Cousin Felix Meets the Buddha by Lincoln Kaye
and Other Encounters in China and Tibet

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Synopsis

Adventures in a nation on the road

Long caricatured as a land of stagnant traditions or lockstep Maoist conformity, China today is a country on the move. Literally—China's new migrant labor pool, known as the "blind river," logs in more road miles and piecework hours than any other workforce in the world—but also mentally and spiritually, as more and more Chinese search for some new faith, whether Maoist, Buddhist, humanist, or laissez-faire - to fill in where decaying Party ideology leaves off. The new China, where religious pilgrims cross paths with born-again capitalists and uprooted communards, is a chaos of true believers pursuing different, often conflicting, visions of fulfillment.

The author and the illustrator, an American newsman and his Taiwanese wife, trail a series of such pilgrims: wandering farmhands, itinerant actors, a qi gong guru, a careerist policeman, a muckraking lawyer, a die-hard revolutionary agitator, a Taiwanese con man, a Tibetan lama, and many more. The result is neither a travelogue nor an analytic set piece, but a moral panorama, lit from within by the divergent hopes of Chinese citizens today.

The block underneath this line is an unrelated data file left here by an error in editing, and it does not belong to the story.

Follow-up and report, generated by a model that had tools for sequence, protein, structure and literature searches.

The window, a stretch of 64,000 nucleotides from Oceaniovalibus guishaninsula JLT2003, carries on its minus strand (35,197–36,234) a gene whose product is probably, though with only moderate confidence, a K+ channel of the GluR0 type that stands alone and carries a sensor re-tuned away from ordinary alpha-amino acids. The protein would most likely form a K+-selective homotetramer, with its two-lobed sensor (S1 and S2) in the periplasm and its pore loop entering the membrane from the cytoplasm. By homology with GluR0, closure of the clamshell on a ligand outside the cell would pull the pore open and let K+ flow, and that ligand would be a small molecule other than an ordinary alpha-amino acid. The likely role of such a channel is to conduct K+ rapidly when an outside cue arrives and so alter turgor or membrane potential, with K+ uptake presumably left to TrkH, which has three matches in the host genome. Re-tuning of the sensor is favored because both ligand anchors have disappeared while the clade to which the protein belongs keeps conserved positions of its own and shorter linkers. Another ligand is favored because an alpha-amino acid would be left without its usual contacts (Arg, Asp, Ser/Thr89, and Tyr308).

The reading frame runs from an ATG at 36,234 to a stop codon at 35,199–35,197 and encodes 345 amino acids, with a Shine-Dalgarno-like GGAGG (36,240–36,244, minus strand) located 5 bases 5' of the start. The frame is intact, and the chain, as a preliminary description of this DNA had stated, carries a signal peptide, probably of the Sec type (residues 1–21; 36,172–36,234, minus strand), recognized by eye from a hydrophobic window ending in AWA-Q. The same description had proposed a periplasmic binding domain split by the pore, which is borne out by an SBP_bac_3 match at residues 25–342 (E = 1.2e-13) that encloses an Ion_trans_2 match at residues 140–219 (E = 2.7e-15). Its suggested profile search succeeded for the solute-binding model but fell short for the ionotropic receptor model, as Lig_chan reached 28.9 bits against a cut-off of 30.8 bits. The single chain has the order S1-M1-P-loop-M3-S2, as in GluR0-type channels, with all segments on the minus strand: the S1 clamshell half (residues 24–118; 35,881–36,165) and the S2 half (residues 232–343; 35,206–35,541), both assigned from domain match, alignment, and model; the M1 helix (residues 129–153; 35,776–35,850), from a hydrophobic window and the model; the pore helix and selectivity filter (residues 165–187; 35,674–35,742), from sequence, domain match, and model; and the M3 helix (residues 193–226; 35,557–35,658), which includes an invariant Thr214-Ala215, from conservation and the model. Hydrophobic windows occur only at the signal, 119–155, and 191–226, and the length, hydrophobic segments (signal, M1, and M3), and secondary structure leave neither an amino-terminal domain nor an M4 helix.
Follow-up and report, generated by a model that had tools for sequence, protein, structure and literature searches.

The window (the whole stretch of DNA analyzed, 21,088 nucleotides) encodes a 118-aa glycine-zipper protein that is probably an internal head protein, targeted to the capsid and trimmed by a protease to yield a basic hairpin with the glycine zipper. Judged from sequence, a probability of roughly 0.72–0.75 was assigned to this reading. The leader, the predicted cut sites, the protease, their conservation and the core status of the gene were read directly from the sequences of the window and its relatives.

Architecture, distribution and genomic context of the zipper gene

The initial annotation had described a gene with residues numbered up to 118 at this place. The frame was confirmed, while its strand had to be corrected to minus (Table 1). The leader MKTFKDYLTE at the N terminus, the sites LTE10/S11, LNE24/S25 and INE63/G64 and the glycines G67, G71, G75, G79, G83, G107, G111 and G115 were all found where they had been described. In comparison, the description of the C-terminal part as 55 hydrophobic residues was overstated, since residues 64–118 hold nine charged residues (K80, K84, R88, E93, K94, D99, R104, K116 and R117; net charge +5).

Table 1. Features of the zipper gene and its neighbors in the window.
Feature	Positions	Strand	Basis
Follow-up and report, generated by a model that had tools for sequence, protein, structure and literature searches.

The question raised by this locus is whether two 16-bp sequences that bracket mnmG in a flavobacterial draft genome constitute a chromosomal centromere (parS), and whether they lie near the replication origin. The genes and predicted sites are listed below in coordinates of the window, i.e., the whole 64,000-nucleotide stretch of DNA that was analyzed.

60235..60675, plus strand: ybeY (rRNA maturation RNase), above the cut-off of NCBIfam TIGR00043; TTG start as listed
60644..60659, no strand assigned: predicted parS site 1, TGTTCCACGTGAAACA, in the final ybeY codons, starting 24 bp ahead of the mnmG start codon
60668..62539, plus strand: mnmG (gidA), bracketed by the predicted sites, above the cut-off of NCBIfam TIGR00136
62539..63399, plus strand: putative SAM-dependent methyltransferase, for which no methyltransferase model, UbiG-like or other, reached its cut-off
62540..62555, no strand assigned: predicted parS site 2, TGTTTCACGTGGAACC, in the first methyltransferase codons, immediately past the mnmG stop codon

About Lincoln Kaye

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Lincoln Kaye has headed the "Far Eastern Economic Review" bureaus in six Asian countries, including five years in China. He has also written for "The Wall Street Journal, Slate" and "The Nations," He and Hsu Mei-Lang have been married for twenty-five years.
 
Published January 29, 2002 by Farrar, Straus and Giroux. 480 pages
Genres: Travel. Non-fiction

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Set free from editorial constraints that have bound him in his 15-year career as a journalist at the Far Eastern Economic Review, Kaye takes the time in this account of his adventures as a China correspondent to devote long passages to rarely noted attributes of the country, from the fragrance o...

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